Despite continued fighting, the city of Fallujah has been declared 'liberated.' Next, the Iraqi government wants to drive 'IS' from Mosul. Is this the end of the jihadists? Rainer Sollich doesn't think so.
For over two years, the people of Fallujah have had to live under the rule of religiously clad bands of murderers that terrorized them with beheadings and mass executions. In the end, the terrorists even used them as human shields. Still, when Iraqi Prime Minister Haider al-Abadi somewhat prematurely announced that the city had been liberated militarily from the grip of the so-called "Islamic State" (IS), residents were in no way jubilant.
One reason might well be that in some neighborhoods firefights between Iraqi armed forces and "IS" militants are still ongoing. It would be suicidal to take to the streets in celebration. Indeed, something very different has happened: many residents have decided to make use of their own personal "liberation" - and leave town.
It is said that as many as 80,000 people have left Fallujah since the Iraqi army began its offensive on May 23. According to estimates by Norwegian observers, 300,000 of them departed after the official "liberation" announcement last Friday, June 17. These people are awaiting their fate in tent camps with deplorable hygienic conditions outside the city.
Meanwhile, Prime Minister Abadi has set his sights on the last "IS" bastion in Iraq. The target of the army's next attack: the metropolis of Mosul - a city of some 2.5 million residents.
If there is a positive message in all this, it is that the "caliphate" is crumbling - at least as far as its original core is concerned. It seems likely that "IS" will be largely driven from Fallujah within the coming days or weeks. The Islamists were already driven from two other cities, Tikrit and Ramadi, a few months ago. Areas under "IS" control in neighboring Syria and in Libya are also coming under increased pressure militarily.
Nevertheless, "IS" has been able to counterattack at times, and their full military defeat remains a long way off. Even if "IS" loses control of certain geographical areas and smuggling and arms supply routes, it will still be able to spread fear and horror with terror attacks - not only in the Middle East and North Africa, but also in the USA and Europe.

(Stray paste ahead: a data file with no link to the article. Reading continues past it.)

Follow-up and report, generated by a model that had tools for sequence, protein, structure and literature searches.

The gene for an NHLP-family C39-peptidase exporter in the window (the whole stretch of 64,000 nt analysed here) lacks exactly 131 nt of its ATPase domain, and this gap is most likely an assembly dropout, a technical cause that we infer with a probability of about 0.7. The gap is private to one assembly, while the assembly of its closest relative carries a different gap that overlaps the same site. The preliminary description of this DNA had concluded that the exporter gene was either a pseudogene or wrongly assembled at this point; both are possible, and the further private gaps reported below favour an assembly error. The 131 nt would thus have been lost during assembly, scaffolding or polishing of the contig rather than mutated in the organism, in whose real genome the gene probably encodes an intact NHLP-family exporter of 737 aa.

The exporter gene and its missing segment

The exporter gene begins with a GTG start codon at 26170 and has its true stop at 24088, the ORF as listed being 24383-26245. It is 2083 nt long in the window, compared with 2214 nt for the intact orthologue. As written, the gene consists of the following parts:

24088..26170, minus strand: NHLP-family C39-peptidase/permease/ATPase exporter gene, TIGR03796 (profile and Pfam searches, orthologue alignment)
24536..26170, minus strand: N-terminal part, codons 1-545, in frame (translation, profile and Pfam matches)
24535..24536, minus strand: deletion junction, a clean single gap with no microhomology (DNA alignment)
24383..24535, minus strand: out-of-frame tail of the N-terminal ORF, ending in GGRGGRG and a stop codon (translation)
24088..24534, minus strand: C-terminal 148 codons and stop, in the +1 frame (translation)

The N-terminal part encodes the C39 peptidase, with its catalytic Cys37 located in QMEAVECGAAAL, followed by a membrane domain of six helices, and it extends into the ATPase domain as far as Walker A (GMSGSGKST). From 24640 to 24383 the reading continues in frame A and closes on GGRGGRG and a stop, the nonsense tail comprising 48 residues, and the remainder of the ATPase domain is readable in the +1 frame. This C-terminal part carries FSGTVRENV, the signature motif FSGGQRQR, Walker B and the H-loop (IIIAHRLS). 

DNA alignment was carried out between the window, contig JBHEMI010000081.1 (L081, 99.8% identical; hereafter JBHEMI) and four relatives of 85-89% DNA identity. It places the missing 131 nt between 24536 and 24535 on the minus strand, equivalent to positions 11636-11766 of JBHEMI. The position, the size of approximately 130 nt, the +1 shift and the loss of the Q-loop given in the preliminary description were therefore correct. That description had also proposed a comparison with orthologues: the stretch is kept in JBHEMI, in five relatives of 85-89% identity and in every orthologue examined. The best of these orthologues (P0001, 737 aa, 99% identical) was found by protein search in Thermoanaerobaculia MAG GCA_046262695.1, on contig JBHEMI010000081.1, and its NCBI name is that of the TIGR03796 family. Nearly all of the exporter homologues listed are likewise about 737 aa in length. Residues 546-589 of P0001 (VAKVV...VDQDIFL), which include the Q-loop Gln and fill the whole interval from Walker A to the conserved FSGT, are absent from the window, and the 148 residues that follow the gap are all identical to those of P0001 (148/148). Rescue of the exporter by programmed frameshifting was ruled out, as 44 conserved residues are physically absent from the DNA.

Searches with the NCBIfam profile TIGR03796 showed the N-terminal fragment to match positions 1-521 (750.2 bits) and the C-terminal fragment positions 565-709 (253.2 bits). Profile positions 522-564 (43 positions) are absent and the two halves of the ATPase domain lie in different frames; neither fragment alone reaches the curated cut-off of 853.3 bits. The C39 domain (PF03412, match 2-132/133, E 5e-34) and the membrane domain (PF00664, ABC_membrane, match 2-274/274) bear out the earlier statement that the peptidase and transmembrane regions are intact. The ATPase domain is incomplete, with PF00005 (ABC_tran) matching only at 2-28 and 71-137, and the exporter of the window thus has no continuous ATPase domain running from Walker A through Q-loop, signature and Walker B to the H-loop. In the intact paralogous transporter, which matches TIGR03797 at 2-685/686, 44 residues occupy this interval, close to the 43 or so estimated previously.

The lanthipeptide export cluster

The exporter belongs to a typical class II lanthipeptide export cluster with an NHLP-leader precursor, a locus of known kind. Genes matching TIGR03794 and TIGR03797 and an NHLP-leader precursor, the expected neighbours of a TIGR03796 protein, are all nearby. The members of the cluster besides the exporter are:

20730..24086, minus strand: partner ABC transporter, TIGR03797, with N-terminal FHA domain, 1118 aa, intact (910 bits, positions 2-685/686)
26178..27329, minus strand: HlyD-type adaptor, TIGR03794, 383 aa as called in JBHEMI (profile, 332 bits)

The military fight against "IS" - especially one involving ground troops - is undoubtedly necessary, and every victory that the troops produce is worthy of praise. Yet, such military victories are of limited value as long as the conflicts behind the fighting are not addressed and dealt with. For instance, it is likely that most of those people that have fled the Sunni city of Fallujah were not only fleeing "IS" or the fighting going on in the city. Many will have fled for fear of reprisals and arbitrary attacks perpetrated by Shiite militia groups. Such groups are thought to be no less brutal than "IS," and despite their questionable reputation, they were openly supported by Iran and allowed to play an important role in the march toward Fallujah, flanked by US air power. It was only during fighting within Fallujah proper that the Shiite militias remained outside the city gates.
Iranian and Saudi Arabian agitation
Prime Minister Abadi - himself a Shiite - has thus far failed to build trust among the country's Sunni minority, a group that enjoyed privileges under ex-dictator Saddam Hussein and was then politically marginalized after his fall. Abadi lacks the political clout for the task, and possibly the will for it as well.
At this point, it seems a foregone conclusion that the march toward the "IS" bastion of oil-rich Mosul will only serve to further exacerbate tensions between the country's ethnic groups. This also includes the Kurds, who sent units to fight in the offensive and will therefore demand a political and economic say in the region's future. Thus, the world can count on further human suffering and new waves of refugees.
That all goes to show that the situation is about more than just "IS." It is about clear-cut conflicts over power, resources and revenues - and how the parties involved in the conflict are at times intentionally stoking religious or ethnic sentiments in order to cement the support of certain groups or tribes.
The Syrian government, various Syrian opposition groups, Kurdish Peshmerga and Shia militias in Iraq are all living off of this mechanism, to various degrees, much as "IS" is. The regional powers Iran and Saudi Arabia are also playing an especially unsavory role in this dangerous game. Rather than exerting a moderating influence on the situation, they themselves regularly fan the flames of inter-denominational conflict.
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